Steven P. Hedges, Keith L. Dixon, Ella D. Sorensen, Clayton M. White

    The ninth report of the Utah Bird Records Committee summarizes 38 records of 34 species that were reviewed by the Committee. Of those 38 records, 28 were accepted by the Committee and 10 were not accepted for reasons to be discussed later. Committee members who reviewed all or some of these records were Keith Dixon, Steven Hedges, Craig Kneedy, Ella Sorensen, and Clayton White. First state records were accepted for Garganey, Boreal Owl, and Golden-winged Warbler, which increase the Utah bird list to 408 species.
    All records evaluated by the Committee are listed by common name and scientific name using the nomenclature and taxonomic order of the 7th AOU Check-list (1998). The following information is included with each accepted record: common name, scientific name, Committee number of the record in parentheses, the number of birds observed along with age and sex of known, date(s) of occurrence, location of sighting, all known observers in parentheses with the initial finder listed first, observer(s) who submitted written documentation of the record (doc: ), observer(s) who submitted photographs of the record (photo: ), and literature reference for sightings published in American Birds (AB), Field Notes (FN), or Utah Birds (UB). Information for unaccepted records is the same as for accepted records except that names of observers and those submitting documentation are not included.
    The Records Committee would like to thank those individuals who submitted documentation of their sightings to the Committee. The Committee encourages all observers to document and submit a report of unusual sightings. Multiple documentation of sightings is often more valuable than a single report, since one observer may notice key field marks that are missed by other observers. Those field marks may be the difference between a record being accepted or not accepted. The Committee also encourages the submission of photographs and tape recording of songs or calls, which significantly aid in the proper identification of records.


PACIFIC LOON Gavia pacifica. (3-1990); one; 6-30 Jul 1990; Ivins Reservoir, Washington Co.; (WNS,CK,SH); doc: WNS; photo: WNS; AB 44:1161.
    Pacific Loons have been recorded nearly every fall in Utah for the past few years and there are several spring and winters as well. However, this bird is the first summer record of Pacific Loon in Utah. This bird was first reported as a Common Loon, but photographs submitted by the initial observer, and subsequent observations by others including two members of the Records Committee, easily led to the proper identification of this bird.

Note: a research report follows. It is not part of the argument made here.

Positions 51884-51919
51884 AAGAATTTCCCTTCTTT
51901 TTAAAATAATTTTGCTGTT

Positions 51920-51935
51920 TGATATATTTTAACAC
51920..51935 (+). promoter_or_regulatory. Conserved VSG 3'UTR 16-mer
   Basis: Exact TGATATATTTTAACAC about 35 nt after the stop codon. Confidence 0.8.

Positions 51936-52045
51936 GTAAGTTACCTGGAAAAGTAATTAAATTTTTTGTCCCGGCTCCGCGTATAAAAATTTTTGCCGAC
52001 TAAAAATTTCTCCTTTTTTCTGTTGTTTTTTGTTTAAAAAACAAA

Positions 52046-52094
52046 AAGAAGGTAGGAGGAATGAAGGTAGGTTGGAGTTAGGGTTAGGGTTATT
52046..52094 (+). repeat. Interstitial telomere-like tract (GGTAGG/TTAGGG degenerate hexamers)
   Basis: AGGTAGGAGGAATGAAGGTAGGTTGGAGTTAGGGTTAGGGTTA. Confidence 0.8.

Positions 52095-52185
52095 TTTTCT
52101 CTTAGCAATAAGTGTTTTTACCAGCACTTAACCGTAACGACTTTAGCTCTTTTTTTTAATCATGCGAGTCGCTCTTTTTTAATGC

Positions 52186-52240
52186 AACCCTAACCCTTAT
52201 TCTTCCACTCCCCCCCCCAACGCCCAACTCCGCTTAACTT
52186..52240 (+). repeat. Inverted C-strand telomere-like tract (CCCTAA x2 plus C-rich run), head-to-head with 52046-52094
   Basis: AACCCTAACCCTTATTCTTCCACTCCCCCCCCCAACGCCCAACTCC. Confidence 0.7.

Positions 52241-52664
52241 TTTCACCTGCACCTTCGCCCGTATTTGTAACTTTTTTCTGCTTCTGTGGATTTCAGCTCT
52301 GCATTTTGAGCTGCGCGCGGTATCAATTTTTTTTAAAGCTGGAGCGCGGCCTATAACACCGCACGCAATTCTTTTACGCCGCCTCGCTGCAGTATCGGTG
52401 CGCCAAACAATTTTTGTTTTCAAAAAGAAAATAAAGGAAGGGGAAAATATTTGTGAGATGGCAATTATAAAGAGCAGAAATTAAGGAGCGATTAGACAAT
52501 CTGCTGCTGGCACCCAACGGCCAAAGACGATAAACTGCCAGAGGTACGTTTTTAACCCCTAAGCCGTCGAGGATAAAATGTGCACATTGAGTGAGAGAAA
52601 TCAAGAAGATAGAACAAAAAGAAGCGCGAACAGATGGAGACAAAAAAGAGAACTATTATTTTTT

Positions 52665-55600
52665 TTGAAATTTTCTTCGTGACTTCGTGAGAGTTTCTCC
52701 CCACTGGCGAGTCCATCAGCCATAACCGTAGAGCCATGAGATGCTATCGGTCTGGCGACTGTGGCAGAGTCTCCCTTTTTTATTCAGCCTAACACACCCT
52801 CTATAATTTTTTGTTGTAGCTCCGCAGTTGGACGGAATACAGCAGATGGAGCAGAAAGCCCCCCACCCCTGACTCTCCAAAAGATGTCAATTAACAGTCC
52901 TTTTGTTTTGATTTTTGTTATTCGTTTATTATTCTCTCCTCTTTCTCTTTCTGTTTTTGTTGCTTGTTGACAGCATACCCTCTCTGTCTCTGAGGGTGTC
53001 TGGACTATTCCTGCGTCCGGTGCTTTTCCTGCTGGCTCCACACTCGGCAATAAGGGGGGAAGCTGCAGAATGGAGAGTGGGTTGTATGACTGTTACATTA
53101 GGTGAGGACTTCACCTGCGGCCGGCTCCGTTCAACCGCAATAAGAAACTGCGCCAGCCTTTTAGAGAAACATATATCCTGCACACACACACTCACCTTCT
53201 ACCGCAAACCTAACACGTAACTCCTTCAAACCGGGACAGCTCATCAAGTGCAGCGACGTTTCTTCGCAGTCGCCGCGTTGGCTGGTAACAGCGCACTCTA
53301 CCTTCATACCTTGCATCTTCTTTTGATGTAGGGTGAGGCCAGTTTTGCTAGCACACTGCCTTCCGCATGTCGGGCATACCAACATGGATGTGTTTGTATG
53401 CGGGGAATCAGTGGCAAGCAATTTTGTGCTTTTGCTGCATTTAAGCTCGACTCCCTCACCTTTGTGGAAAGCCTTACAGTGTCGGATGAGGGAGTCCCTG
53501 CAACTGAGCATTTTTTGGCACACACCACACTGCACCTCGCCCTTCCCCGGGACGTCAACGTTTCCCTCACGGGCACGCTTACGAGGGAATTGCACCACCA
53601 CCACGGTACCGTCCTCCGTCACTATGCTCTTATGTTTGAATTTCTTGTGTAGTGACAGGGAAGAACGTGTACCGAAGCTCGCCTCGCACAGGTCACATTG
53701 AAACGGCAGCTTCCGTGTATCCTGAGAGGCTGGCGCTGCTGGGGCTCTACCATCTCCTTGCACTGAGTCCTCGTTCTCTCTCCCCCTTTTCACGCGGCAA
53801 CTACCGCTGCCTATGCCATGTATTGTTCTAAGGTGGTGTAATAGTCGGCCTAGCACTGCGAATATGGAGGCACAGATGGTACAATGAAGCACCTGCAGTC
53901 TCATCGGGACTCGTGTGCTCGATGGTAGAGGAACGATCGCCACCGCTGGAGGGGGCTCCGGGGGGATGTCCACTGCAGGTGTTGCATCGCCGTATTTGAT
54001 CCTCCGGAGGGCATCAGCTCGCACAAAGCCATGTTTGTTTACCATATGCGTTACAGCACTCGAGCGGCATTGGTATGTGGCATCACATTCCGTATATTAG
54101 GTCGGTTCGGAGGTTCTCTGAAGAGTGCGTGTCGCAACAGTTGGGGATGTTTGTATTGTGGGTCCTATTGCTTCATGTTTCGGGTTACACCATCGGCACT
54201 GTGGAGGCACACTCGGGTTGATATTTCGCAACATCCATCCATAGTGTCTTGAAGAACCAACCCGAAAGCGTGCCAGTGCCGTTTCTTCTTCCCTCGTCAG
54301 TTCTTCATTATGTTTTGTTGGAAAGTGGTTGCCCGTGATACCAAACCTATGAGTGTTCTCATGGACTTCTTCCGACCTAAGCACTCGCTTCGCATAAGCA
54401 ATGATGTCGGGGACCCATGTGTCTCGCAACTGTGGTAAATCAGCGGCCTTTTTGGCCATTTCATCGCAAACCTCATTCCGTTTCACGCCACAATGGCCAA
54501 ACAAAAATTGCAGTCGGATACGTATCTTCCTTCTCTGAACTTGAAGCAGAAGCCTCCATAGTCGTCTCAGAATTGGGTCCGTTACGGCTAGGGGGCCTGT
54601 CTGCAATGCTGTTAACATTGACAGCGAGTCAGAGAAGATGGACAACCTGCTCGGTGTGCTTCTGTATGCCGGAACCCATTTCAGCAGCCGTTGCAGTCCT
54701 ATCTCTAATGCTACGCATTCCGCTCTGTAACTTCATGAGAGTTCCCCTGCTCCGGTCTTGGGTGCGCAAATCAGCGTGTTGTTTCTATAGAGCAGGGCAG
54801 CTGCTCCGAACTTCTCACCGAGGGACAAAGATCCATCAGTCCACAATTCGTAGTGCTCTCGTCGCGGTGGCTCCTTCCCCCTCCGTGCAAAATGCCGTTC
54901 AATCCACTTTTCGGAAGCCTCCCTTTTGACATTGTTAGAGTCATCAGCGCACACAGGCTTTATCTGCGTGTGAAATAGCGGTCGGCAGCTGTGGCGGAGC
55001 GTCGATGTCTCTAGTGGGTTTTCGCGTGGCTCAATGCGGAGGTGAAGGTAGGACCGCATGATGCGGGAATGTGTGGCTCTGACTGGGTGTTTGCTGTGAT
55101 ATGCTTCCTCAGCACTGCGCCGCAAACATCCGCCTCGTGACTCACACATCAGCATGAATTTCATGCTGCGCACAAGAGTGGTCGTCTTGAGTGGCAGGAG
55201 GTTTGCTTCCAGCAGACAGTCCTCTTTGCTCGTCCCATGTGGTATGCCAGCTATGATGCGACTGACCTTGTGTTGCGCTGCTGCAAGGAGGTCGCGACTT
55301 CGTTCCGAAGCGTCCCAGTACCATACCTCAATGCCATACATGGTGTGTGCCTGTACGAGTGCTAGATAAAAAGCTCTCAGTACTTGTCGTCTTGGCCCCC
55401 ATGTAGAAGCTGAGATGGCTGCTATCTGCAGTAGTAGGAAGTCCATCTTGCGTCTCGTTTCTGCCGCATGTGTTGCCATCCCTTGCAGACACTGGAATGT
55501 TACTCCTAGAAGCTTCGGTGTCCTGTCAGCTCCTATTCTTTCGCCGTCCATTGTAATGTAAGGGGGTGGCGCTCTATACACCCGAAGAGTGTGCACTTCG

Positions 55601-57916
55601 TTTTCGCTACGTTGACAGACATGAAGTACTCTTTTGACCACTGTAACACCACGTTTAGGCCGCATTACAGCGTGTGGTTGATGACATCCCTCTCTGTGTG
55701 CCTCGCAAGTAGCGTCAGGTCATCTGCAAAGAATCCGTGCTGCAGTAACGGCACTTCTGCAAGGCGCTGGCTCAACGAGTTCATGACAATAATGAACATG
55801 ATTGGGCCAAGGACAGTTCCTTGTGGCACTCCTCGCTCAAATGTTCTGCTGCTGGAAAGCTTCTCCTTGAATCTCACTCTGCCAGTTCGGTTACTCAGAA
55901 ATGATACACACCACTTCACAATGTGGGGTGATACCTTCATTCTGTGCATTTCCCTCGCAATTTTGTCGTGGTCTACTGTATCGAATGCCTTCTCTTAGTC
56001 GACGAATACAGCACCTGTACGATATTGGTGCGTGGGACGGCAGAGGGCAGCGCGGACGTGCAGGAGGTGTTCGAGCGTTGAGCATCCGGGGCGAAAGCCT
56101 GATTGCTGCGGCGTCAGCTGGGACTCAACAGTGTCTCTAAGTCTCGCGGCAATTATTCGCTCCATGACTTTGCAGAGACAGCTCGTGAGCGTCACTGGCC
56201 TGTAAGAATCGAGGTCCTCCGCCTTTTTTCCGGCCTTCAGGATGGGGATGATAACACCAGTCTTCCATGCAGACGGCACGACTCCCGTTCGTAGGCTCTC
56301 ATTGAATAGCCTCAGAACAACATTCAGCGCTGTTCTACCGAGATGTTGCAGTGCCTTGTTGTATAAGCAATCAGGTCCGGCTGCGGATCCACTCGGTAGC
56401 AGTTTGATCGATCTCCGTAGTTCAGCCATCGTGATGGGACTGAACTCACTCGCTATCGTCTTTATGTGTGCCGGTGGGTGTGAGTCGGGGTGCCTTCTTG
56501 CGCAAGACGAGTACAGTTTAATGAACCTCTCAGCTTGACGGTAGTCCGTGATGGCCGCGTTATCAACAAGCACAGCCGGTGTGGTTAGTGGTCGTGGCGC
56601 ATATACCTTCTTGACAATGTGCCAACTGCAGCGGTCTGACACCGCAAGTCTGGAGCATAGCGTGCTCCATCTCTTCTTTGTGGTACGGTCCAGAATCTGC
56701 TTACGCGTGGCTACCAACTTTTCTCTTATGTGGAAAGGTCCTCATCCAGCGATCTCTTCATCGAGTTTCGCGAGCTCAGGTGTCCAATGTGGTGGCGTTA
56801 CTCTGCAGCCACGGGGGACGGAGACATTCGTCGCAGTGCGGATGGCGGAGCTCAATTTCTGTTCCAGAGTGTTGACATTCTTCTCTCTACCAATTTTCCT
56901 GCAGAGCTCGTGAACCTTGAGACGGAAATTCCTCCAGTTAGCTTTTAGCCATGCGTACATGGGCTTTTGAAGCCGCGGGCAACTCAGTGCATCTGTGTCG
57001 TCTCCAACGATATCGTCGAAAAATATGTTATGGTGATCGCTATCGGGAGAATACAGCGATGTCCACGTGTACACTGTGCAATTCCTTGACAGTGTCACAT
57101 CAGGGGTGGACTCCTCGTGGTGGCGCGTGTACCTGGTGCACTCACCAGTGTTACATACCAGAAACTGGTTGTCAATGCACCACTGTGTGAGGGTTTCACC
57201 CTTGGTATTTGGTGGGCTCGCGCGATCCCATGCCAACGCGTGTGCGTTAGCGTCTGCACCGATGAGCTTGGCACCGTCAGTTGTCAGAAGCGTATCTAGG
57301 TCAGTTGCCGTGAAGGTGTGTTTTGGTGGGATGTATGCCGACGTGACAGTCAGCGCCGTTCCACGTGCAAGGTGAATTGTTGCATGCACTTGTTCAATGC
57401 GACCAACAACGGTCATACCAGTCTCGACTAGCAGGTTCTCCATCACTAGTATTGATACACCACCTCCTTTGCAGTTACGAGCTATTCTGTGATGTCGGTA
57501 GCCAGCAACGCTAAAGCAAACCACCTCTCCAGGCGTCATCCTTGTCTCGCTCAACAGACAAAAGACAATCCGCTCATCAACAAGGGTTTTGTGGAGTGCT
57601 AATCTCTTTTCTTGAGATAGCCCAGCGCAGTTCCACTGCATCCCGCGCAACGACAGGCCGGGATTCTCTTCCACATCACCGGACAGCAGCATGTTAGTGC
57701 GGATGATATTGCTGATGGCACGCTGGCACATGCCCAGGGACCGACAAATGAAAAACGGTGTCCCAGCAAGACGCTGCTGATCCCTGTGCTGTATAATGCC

YELLOW-BILLED LOON Gavia adamsii. (5-1996); one; 29 Dec 1996-1 Jan 1997; Gunlock Res., Washington Co; (MAP,JCB,SS); doc: MAP.
    Inland records of Yellow-billed Loon in the western U.S. have increased substantially in recent years. Utah's first record occurred at Fish Springs National Wildlife Refuge in 1991 and since that time there have been five additional documented records, all from Lake Powell or Washington County. This is the second record for Washington County.
ROSS'S GOOSE Chen rossii. (21-1984); one adult; 31 Oct 1984; Minersville Res., Beaver Co.; (SH); doc: SH. (20-1988); two adults, one immature; 29 Oct 1988; Fish Springs National Wildlife Refuge, Juab Co.; (JDE); doc: JDE.
    Ross's Goose occurs annually as a spring and fall transient throughout Utah and is also a regular winter visitor to Washington County. Records of this species are no longer being reviewed by the Committee.

AMERICAN BLACK DUCK Anas rubriceps. (1-1947); one; 8 Nov 1947; Ogden Bay Waterfowl Management Area, Davis Co.; (1-1967); one; 15 Oct 1967; Farmington Bay Waterfowl Management Area, Davis Co.
    Both of these records are specimens of banded birds collected during the fall waterfowl hunting season. Details of these records were published in Utah Birds 11(3):40.

GARGANEY Anas querquedula. (4-1996); one; 27 Oct 1996; Great Salt Lake, Davis Co.; (TS); doc: TS.
    This well-described bird is the first record of Garganey for Utah. There are several spring and fall records of Garganey along the West Coast, particularly in California, and also a spring record for Arizona. A female Garganey can easily be confused with a female Green-winged or Blue-winged Teal. Key field marks that separate Garganey from Blue-winged Teal are the prominent head markings (dark brown crown, light supercilium, dark eye line, light stripe under the eye line, and white spot in back of the bill), brownish-gray shoulder patch, and green speculum bordered on the front and rear with white. Garganey is separated from Green-winged Teal by its larger size, heavier bill, and head pattern.

WHITE-TAILED KITE Elanus leucurus. (13-1990); one immature; 2 Nov 1990; St. George, Washington Co.; (WNS); doc: WNS; photo: WNS.
    This bird was initially reported as a Mississippi Kite, but photographs of the bird were sent to several authorities on kites who confirmed the bird as an immature White-tailed Kite. This is the second report of this species for Utah. White-tailed Kites have been expanding their range in recent years and should become more common in Utah.

GYRFALCON Falco rusticolus. (16-1990); one adult; 15 Nov 1990; Logan, Cache Co.; (RDA,GAA,KA,SD,RR,LR); doc: RDA; photo: RDA. (3-1991); one immature female; 26 Dec 1991; Magna, Salt Lake Co.; (AJH,PM,BE); doc: AJH; photo: RW.